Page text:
The new Conservative government has announced a delay in the modernisation of the UK's rail network.
Despite unveiling a series of upgrade programmes that would bring the country's railways into the 21st century in its election campaigning, the government has conceded that the plans are now untenable in their current format. The north of England will bear the brunt of the changes with key routes being shelved.
Improvements to the TransPennine line between York and Manchester have been shelved, as has the Midland main line between York and Sheffield. Cities such as Derby, Nottingham and Leicester will have to wait for improved services to London as the government believes the Great Western main line between London and Cardiff is more of a priority.
Transport secretary Patrick McLoughlin confirmed that rising costs and missed targets were the reasons why the £38.5 billion plan has become untenable. Commentators have explained that this decision will mean that the improvements will now take longer to be brought to fruition and ultimately cost more.
The move has generated major criticism from opposition parties. While Network Rail said the plan would be the "largest modernisation of the railways since Victorian time" it has turned out to be too ambitious, Labour sees it as an example of the Conservatives breaking election promises.
Michael Dugher, shadow transport secretary, said: "We have been warning time and time again there needs to be fundamental changes in how our railways are run. You spent the election campaign repeating promises you knew you would break after the election.
"Ministers may try to shift all the blame to Network Rail, but this happened on the government's watch and the responsibility for this mess lies squarely with the government."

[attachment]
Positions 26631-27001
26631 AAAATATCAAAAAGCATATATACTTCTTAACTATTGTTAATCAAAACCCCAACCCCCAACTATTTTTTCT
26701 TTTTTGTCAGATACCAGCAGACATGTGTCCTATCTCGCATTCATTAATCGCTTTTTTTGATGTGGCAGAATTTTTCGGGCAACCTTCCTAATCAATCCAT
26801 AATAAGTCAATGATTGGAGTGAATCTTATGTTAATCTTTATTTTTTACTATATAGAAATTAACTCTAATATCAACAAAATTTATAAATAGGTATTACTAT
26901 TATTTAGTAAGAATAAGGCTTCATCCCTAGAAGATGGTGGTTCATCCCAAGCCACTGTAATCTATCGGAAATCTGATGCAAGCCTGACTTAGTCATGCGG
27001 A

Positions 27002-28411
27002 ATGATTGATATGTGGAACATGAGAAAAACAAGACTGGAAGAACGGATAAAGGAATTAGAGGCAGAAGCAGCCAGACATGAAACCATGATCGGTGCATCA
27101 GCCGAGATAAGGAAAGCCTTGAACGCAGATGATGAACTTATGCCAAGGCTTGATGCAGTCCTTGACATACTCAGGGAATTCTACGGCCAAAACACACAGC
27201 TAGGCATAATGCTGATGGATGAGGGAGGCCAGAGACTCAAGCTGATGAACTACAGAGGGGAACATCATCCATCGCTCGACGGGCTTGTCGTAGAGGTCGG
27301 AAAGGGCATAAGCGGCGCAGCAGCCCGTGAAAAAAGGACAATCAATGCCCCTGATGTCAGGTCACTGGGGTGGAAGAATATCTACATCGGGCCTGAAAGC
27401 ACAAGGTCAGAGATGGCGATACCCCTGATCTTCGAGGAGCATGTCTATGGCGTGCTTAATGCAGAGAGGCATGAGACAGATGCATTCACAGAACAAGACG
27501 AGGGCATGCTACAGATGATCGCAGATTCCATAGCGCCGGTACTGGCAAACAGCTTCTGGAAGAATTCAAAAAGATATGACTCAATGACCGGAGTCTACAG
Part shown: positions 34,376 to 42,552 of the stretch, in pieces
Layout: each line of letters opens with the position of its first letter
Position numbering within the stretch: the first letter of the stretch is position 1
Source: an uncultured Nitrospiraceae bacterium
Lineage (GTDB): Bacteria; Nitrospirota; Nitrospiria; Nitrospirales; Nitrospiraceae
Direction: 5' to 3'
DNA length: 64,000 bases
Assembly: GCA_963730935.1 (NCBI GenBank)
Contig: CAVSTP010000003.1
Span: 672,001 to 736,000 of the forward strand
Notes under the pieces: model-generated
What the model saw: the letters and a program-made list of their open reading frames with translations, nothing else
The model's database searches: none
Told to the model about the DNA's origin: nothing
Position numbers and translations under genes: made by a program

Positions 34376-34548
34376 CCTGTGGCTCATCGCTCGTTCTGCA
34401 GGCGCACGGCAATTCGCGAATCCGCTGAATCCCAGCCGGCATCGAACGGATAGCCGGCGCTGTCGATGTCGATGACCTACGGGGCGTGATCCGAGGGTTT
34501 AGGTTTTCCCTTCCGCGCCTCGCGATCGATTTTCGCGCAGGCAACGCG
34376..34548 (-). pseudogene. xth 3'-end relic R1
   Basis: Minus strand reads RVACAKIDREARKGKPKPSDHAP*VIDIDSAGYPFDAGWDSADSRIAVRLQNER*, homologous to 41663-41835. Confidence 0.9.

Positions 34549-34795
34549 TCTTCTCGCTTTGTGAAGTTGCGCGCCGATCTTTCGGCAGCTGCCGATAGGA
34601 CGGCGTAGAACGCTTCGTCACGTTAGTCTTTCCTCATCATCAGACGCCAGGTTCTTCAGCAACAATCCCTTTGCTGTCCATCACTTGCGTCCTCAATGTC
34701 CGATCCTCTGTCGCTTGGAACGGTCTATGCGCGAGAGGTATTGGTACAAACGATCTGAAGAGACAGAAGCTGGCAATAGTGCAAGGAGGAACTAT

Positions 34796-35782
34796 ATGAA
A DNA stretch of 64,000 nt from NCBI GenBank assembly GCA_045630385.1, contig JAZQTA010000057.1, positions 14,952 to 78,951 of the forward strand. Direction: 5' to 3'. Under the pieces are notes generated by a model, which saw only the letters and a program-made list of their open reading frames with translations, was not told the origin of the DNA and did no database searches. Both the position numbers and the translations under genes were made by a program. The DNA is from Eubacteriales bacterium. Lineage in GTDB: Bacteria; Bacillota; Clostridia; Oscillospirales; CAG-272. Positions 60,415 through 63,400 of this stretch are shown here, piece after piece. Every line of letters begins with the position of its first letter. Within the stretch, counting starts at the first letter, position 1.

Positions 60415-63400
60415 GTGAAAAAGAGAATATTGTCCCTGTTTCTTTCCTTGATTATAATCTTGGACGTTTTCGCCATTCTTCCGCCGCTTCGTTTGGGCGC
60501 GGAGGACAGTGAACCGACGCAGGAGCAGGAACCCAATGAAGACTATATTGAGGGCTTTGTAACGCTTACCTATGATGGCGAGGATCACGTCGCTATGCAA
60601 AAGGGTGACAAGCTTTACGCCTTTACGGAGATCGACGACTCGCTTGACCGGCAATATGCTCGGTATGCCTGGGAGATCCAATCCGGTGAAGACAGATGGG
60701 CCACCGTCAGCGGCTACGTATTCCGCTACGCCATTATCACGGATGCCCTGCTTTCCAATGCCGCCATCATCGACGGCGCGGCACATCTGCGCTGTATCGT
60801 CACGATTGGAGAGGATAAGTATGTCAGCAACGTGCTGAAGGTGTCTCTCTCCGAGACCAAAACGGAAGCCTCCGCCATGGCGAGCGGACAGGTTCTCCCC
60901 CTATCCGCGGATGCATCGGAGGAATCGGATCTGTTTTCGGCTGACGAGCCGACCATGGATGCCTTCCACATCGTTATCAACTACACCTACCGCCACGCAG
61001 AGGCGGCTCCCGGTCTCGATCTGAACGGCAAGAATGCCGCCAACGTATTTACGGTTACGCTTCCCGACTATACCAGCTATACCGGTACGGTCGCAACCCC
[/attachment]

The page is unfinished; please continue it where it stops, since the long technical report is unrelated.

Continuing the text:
In the run-up to the election, the state of the UK's rail network was a major focus for many of the parties with all of them in agreement that work needed to be done to upgrade the current system. A series of electrification programmes were laid out while chancellor George Osborne stressed the need to create a 'Northern Powerhouse'.
This would require much improved rail links and slash the journey times between a number of the major cities in the north of England. There have also been discussions about rolling out the much-criticised HS2 programme to cities like Leeds and Manchester, and then Newcastle in a bid to connect the north with London.
Alongside the delay for the improvement work, figures from Transport Focus highlighted that satisfaction in the nation's rail networks had been falling in the past 12 months. Passengers in London and the south-east of England were the least happy with the service while the overall satisfaction had fallen from 82 per cent to 80 per cent in the space of a year.
First Hull Trains recorded the highest satisfaction rate at 96 per cent while Southern was bottom of the pile with just 72 per cent.
Commenting on the figures, Transport Focus chief executive, Anthony Smith said: "Commuters will not be surprised at these results. Long-term plans and investment are important and welcome – how the work is carried out, though, is crucial."